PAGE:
Virgin Media published a peculiar and somewhat unique press release last week which is worth visiting in a little more depth. Trials are currently being carried out by the cable operator in a small English village, described as delivering TV services and gigabit broadband wirelessly over full fiber in a world first. An oxymoron no-less which needs expanding out.
The Liberty Global-owned operator has hooked up two antennas 3km apart, called trunk points, between which a 10 Gbps signal is being transmitted using high capacity mmWave technology. A cabinet containing the DAA (distributed access architecture) node and inverted node then handles the conversion process into a DOCSIS signal, with the DAA node interfacing with the inverted node, ultimately allowing TV and broadband services to be delivered over a FTTH connection to the Virgin Media premises, as shown in the image below.
These trials represent a significant step forward in the case for shifting to DAA. These technologies are driving the way towards virtualization within core networks – with Virgin Media claiming a world first instance of a wireless trunk link being used to deliver services in DAA models. In the case of fiber, DAA creates a more software-defined network environment and therefore brings digital fiber signals closer to premises.
Lower capacities are congested with TV signals so using mmWave for delivering TV signals and then down converting to fiber could be a serious contender against satellite-delivered TV and broadband services. The shorter wavelengths and higher frequencies of mmWave, between 30GHz and 300 GHz, allow for much faster data transfer speeds, albeit at lesser distances.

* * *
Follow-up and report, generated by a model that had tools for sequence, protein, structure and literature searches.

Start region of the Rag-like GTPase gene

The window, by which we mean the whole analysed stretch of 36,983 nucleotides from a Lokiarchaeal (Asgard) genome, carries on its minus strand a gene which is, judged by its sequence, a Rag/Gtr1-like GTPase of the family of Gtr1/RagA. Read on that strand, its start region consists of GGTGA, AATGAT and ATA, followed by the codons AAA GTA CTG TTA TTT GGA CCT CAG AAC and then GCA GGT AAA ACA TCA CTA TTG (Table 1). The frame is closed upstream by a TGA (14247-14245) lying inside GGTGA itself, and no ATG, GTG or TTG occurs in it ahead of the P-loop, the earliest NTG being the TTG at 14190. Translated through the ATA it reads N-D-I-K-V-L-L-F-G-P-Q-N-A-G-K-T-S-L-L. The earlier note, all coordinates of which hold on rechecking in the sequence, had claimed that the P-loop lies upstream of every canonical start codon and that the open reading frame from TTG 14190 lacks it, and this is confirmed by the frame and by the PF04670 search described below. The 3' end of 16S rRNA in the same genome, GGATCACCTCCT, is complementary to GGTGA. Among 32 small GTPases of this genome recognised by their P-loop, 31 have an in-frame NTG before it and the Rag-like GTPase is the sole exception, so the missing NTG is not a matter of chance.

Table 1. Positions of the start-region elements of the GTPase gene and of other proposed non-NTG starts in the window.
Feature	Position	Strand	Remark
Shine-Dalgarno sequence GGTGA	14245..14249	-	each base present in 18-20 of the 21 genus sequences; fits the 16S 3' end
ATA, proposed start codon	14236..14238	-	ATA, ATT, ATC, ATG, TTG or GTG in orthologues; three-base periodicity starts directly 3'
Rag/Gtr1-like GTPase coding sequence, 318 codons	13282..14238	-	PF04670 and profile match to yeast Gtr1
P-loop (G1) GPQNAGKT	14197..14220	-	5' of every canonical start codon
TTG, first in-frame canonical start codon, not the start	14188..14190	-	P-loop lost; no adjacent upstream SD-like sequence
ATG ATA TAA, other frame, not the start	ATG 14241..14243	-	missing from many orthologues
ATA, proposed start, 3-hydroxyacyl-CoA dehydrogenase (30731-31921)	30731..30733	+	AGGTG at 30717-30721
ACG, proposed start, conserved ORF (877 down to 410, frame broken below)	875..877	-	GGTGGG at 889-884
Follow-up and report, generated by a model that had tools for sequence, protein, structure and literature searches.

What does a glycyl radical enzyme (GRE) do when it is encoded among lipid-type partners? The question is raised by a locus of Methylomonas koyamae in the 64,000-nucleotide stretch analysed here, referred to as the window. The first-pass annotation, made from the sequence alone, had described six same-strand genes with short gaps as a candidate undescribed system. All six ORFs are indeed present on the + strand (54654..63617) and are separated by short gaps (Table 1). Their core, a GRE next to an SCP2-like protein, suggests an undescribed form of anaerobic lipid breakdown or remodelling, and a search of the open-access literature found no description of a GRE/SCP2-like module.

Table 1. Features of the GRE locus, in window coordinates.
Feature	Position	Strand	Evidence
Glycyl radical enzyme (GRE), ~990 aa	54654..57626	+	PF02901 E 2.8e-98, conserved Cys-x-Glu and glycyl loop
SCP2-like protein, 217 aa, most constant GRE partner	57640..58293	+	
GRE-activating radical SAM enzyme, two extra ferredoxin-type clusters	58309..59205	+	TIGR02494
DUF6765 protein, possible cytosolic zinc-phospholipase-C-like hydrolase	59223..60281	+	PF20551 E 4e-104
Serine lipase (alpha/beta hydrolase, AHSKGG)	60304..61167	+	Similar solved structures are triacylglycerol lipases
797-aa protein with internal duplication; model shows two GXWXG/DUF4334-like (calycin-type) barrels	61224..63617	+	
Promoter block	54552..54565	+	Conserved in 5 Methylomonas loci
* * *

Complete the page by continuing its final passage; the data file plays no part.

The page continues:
While it’s unclear if extending much further than the current distance of 3km is an aim of Virgin Media in the long term or indeed technically possible yet, the operator has noted that the 10 Gbps radio link can sustainably support delivery of residential services to 500 homes when considering a 40% average annual growth in data consumption. Furthermore, following configuration changes, the radio link can be upgraded to support a 20 Gbps connection – meaning 2,000 homes could comfortably be connected in one area.
For now, the tiny trial has connected 12 homes initially in a UK village near Newbury, using wireless technology from Ericsson. These homes are receiving 1 Gbps download and 150 Mbps upload speeds in tandem with a full line-up of TV services from Virgin Media. Residents are connected directly with fiber and use Virgin Media’s Hub 3.0 router and V6 set top, manufactured by Arris and running TiVo software.
Crucially, cost savings for fiber operators could be substantial by breaking up the delivery process with a wireless leap between points of presence.
Tying mmWave technology so explicitly to delivering TV and internet services without a single mention of 5G is indeed a rarity. A quick Google search however brings up an IEEE paper published way back in 1989 investigating the case for using mmWave in a DTH multichannel TV delivery system – but there is little evidence to suggest Virgin Media’s mmWave TV trial is anything other than a world first. Liberty Global has often focused on the UK to carry out its more innovative and ambitious projects.
But as our sister service Wireless Watch pointed out recently, the 5G rollout is as much about fiber as wireless. Ericsson isn’t the only networking vendor getting in on the act – Nokia executives have often said that 5G is a wireline network as well as a cellular one, and the company has supported that view by abandoning a previous strategy to focus only on mobile broadband, and invest heavily in wireline technologies courtesy of the acquisition of Alcatel-Lucent.
Virgin Media CTO Jeanie York said, “As we invest to expand our ultrafast network, we’re always looking at new, innovative ways to make build more efficient and connect premises that might currently be out of reach. While presently this is a trial, it’s clear that this technology could help to provide more people and businesses with the better broadband they deserve.”